Superior Uniform Group has been racking up the awards this past year.
The Seminole-based uniform maker was recognized as a Top 50 company by Apparel magazine while its chief executive officer, Michael Benstock, was selected by ExecRank as a top CEO at a Micro-Cap Company and as a finalist for EY’s Entrepreneur of the Year awards in Florida.
Now, add another trophy to the shelf: The aptly-named Superior is the top-performing stock in 2014 among public companies based in Tampa Bay. Its stock nearly doubled over the year to $ 29.37 a share, distancing itself from the rest of the pack.
The $ 32.5 million acquisition of HPI Direct in late 2013 bolstered Superior’s roster of customers, especially in retail, food service and transportation. Among other customers touted on HPI’s site are Costco. Walmart and Walgreens.
Uniform sales companywide were up nearly 18 percent in the third quarter, with the HPI unit reporting an impressive 59 percent jump.
Benstock described 2014 as “an epic year,” with all divisions posting record revenues. Superior just reported two of the best quarters in its history and capped off the year Wednesday by announcing a planned 2-for-1 stock split in February.
“The improvements to the economy helped all of our divisions, as unemployment numbers were more in line with a stronger economy,” Benstock said in an email to the Times this week. “Our customers also are again spending money on refreshing their brands, and this helped us to design, manufacture and ship more uniforms to our existing customer base.”
At the opposite side of the spectrum, Tampa’s Walter Investment Management wound up as worst-performing local stock of the year, dropping more than 50 percent.
The mortgage servicing company, a top-performing local stock as recently as 2012, has been plagued by poor profit margins and sagging net income. Walter has also disclosed that it is the focus of several regulatory investigations into the business and loan servicing practices of subsidiary Green Tree Servicing.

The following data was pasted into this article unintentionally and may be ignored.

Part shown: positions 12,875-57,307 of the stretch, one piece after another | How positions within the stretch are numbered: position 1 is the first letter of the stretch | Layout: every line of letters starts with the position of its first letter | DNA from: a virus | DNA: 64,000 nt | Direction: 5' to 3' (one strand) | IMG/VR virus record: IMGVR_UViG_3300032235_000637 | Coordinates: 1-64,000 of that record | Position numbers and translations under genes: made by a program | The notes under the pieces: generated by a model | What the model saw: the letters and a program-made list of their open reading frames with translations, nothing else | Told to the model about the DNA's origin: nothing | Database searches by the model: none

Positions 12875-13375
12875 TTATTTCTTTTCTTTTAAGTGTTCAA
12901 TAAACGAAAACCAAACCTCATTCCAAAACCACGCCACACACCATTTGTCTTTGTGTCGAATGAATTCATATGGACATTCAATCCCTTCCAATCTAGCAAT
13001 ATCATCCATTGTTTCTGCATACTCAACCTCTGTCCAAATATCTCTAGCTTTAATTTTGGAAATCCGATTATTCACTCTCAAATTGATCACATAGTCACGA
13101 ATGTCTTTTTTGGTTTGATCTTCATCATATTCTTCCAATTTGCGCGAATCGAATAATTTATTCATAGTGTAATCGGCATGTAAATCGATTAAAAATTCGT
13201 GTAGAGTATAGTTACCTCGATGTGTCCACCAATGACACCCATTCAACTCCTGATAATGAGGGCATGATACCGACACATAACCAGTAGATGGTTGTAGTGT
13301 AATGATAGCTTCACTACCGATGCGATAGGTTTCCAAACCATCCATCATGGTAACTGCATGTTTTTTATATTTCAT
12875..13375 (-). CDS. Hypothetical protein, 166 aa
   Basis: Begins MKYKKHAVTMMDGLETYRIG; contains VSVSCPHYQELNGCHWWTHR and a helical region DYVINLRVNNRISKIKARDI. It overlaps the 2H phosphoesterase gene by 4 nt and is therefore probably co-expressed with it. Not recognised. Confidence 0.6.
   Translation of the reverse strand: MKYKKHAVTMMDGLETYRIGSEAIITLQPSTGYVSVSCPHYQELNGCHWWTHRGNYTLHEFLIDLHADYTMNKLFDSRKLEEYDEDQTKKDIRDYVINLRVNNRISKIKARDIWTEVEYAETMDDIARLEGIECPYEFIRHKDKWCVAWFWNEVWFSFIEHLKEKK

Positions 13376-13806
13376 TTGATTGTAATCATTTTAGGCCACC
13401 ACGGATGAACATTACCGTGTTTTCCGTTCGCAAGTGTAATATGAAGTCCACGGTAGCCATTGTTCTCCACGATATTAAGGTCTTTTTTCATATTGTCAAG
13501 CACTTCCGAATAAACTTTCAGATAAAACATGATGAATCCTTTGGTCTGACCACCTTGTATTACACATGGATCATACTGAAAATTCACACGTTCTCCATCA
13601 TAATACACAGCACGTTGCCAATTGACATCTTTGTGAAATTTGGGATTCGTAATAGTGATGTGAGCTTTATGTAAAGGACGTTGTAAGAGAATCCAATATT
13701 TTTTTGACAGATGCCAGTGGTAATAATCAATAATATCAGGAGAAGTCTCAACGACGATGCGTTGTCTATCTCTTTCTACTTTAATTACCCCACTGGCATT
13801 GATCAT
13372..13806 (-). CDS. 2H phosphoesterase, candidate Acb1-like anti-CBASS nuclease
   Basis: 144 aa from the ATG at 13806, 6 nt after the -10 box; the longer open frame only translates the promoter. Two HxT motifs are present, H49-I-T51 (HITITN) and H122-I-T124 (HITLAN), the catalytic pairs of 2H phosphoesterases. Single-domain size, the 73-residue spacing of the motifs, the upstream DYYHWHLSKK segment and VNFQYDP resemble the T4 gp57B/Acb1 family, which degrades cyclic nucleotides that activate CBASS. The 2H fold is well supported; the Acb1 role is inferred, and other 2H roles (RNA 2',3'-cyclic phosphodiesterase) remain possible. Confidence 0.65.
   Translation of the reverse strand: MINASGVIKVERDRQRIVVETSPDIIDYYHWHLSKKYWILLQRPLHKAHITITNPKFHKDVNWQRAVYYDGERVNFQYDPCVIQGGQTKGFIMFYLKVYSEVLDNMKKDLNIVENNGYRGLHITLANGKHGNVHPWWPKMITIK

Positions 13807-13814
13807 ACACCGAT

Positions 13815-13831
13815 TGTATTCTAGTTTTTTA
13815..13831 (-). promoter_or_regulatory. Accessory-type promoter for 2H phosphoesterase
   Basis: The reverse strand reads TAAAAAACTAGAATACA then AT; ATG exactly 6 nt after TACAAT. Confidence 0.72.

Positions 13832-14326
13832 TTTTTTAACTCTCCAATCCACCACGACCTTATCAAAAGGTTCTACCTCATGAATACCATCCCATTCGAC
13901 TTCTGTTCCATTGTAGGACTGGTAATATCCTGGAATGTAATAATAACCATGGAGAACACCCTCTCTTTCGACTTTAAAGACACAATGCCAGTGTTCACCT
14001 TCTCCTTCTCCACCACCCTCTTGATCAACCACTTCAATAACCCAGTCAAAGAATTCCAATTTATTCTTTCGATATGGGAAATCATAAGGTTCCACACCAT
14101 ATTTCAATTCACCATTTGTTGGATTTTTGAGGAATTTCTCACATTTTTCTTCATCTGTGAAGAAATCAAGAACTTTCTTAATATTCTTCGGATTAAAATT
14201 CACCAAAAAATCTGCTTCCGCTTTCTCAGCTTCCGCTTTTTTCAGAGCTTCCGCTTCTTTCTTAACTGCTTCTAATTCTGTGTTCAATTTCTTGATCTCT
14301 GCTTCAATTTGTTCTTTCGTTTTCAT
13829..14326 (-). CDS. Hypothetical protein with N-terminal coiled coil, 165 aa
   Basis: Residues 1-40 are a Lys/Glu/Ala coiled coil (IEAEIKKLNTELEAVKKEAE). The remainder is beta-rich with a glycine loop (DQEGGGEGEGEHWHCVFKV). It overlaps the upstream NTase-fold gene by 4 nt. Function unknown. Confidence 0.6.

Out of 25 stocks tracked by the Tampa Bay Times, winners outnumbered losers 16 to nine in 2014.
That comes in a year in which the markets overall soared again as both the Dow Jones Industrial Average and Standard & Poor’s 500 pierced record highs.
Homeowners Choice, the hottest local stock for 2012 and 2013, saw its fortunes sharply reverse last year.
Stung by negative reports — primarily by traders questioning its financial strength to handle claims after a major hurricane — stock in the insurance company’s parent, HCI Group, tumbled by 17 percent during the year.
Two other local stocks — deep-sea treasure salvager Odyssey Marine Exploration and small biopharmaceuticals firm Oragenics Inc. — actually performed worse than Walter Investment Management. But their stock prices wound up trading under $ 1 a share. The list of five best and five worst stocks does not include those that began or ended the year trading at less than $ 1.
To be included in the rankings, a company also had to maintain its headquarters in the region and be publicly traded the full year. That allowed doormaker Masonite International to be included after its first full year of trading but means freshly minted public companies like C1 Financial, Heritage Insurance Holdings and Sunshine Bancorp had to wait until this year.
Contact Jeff Harrington at firstname.lastname@example.org or (813) 226-3434. Follow @JeffMHarrington.